The politics of affect: Spatial and societal entanglements

The second section of the book examines the politics of affect in particular, by looking at the spatial and societal entanglements that are intertwined with affective intimacies. With the help of affect theories, it is possible to shift the focus onto the intimacies that emerge in the process of the ‘happening’ of everyday life (Stewart, 2007) that reach beyond pre-defined and top-down operations of power, such as capitalism, colonialism, sexism and heteronormativity. Yet still, economic, social and cultural forces hide in the happening of everyday life and might intensify in a person, an event or a scene (Stewart, 2007; Fannin et al., 2010). It is in these encounters and events that these forces and forms of power come to matter (Fannin et al., 2010). In particular, ordinary life has a peculiar materiality, where bodies of all kinds – people, atmospheres, spaces, expectations and institutions – are momentarily thrown together and then they fall apart again (Stewart, 2007). Attuning to this kind of materiality of everyday life opens up new ways of thinking about affective intimacies, as the three chapters in this section illustrate. They especially tap into the ways in which spatial and societal relations condition and co-produce such affective intimacies that are difficult to grasp empirically.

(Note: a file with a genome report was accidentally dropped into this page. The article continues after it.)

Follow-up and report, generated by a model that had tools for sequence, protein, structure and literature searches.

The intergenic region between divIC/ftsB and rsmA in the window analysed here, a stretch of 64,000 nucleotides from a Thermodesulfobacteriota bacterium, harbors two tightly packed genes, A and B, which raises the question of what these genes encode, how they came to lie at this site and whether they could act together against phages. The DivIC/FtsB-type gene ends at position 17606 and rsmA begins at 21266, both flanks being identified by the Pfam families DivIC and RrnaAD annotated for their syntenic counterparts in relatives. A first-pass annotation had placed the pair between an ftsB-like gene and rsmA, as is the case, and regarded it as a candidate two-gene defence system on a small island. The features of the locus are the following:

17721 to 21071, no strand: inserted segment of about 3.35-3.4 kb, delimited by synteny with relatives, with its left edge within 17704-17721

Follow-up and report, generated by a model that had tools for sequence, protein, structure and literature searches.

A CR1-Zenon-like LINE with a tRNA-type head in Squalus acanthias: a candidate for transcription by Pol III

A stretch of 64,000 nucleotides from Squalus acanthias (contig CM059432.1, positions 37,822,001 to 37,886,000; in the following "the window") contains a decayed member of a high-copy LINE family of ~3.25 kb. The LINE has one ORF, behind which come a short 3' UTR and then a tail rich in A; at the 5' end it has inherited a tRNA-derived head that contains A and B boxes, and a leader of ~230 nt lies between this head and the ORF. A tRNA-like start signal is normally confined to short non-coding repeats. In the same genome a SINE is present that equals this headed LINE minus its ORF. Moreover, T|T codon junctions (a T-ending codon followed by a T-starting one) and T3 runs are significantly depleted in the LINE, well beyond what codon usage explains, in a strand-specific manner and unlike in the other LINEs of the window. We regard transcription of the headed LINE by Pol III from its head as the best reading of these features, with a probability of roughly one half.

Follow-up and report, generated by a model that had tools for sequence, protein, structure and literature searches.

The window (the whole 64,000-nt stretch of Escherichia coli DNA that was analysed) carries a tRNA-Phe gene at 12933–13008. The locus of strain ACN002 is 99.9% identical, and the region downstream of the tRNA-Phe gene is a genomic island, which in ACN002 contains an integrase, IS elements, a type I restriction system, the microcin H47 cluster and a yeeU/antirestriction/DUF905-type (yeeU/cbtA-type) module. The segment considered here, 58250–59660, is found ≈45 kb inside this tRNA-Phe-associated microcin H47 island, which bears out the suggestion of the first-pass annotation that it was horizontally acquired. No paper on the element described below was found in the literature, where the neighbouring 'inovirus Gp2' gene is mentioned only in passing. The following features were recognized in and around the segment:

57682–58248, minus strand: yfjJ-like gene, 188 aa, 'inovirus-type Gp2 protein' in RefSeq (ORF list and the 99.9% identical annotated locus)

We also take a cue from Ann Cvetkovich’s (2012) suggestion that affects provide important entry points to diagnose political problems as well as an immanent force for societal change. We further claim that the study of affective intimacies enriches our understanding of politics by contributing to the exploration of mundane experiences of exclusion and injustice, where differences are also affectively, spatially and materially made and unmade (see also Kolehmainen, 2019; Lahti, 2018). By attending to affective intimacies, the chapters yield insights into how austerity, white privilege and sexuality emerge, entangle and become registered and felt through multiple encounters across human and non-human bodies. Hence, the focus on affective intimacies opens up novel perspectives on the politics of power, but also refuses to centre solely on human-only notions of affective intimacies. Thus, the political potential of affect lies in the ways in which thinking with affect helps to address co-constitutions and interdependencies as a condition of life – also in its more-than-human forms.